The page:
The Mets may have made the right decision.
Carlos Beltran was involved in the Astros scandal of electronic sign stealing, according to The Athletic, which is why the Mets' decision to switch from him before his first season as a coach seems reasonable.
Beltran, a veteran of the 2017 Astros Championship, was involved in the creation of the plan together with then bank trainer Alex Cora. Several Astros who spoke to The Athletic about the conditions said that the players knew in advance which places would come of anonymity.
For home games, a video monitor was positioned to transcribe characters from a camera in midfield, and the team members then hit a garbage can within earshot of the batsman.
In November, Beltran told The Post that he "doesn't know this camera" and that "we study the opposing team every day". But now it's clear that Beltran was a driving force in Astros' program.
When Beltran joined Astros in 2017 after playing with the Yankees for the past three seasons, he told the Astros that they were "behind the times" when it came to stealing signs. Brian McCann, the veteran catcher, has reportedly contacted Beltran once to stop the program, but it didn't work.
"He ignored it and rolled everyone with steam," said one of the players. "Where do you go when you're a young, impressive player with the Astros and this guy says," We'll do it "? How's it going?"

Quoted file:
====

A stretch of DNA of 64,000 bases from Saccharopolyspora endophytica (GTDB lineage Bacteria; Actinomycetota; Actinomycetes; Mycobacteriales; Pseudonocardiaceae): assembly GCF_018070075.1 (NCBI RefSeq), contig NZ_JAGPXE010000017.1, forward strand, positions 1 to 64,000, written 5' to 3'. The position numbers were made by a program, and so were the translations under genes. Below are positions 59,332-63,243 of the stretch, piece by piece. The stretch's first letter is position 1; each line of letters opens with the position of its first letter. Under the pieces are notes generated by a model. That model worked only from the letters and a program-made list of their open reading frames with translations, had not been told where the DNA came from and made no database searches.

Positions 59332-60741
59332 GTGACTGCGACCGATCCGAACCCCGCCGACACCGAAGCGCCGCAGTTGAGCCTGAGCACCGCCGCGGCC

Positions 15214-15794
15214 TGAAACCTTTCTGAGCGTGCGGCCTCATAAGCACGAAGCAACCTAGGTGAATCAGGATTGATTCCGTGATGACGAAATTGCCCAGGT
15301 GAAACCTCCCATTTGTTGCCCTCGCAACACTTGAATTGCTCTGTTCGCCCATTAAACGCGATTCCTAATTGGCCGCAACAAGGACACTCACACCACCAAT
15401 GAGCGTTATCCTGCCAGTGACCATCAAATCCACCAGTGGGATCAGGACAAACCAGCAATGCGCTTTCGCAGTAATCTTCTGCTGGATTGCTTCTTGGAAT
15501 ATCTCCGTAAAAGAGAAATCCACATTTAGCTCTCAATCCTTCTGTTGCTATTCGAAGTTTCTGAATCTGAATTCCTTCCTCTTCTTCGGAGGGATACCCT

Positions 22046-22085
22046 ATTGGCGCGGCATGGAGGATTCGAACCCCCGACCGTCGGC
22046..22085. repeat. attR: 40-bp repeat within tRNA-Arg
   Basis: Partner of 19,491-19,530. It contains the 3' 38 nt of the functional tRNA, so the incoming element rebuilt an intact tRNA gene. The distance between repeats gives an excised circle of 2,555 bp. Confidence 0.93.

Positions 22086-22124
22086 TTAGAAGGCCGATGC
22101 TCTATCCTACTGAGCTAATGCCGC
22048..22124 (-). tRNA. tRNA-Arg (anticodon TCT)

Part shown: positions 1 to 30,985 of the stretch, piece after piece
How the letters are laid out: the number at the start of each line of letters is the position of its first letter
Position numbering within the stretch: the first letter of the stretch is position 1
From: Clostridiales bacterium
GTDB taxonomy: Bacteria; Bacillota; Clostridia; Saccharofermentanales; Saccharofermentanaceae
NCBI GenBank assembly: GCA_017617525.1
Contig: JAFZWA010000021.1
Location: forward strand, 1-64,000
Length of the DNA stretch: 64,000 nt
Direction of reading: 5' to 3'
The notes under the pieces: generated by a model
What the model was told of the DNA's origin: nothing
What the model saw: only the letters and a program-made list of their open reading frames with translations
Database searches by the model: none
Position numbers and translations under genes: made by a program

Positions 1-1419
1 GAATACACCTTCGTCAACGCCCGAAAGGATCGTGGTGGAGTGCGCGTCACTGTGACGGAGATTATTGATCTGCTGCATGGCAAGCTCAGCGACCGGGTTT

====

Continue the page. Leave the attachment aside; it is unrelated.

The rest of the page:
Beltran was a former star player with ID in the Hall of Fame and had respect for the clubhouse.
Members of the 2017 team described Beltran to The Athletic as "the Godfather", "El Jefe (the boss)", "the King" and the "Alpha Man".
"I was in my first year, man," said former Astros and current pirate launcher Joe Musgrove earlier on MLB Network. "Along with [Alex] Bregman and a lot of these people, and in your first year in the big leagues, you're with people like Beltrán and (Brian) McCann, some big names. And I'm not going to be the pitcher who walks up to them and tells them to knock him off. "
But the Astros haven't stopped stealing signs illegally when Beltran retired this season, The Athletic reported. The team's younger players have also not joined this year.
The Mets moved from Beltran after being the only player named in the baseball investigation that led to the dismissal of Astros by manager AJ Hinch and general manager Jeff Luhnow.
Joel Sherman from the Post reported One of the reasons the Mets left Beltran was because of the fear of new details like this that came up and put them in a controversy they had nothing to do with. The Mets hired 42-year-old Beltran in November, just over a week before the first Astros fraud scandal announcement was released. He was released in January.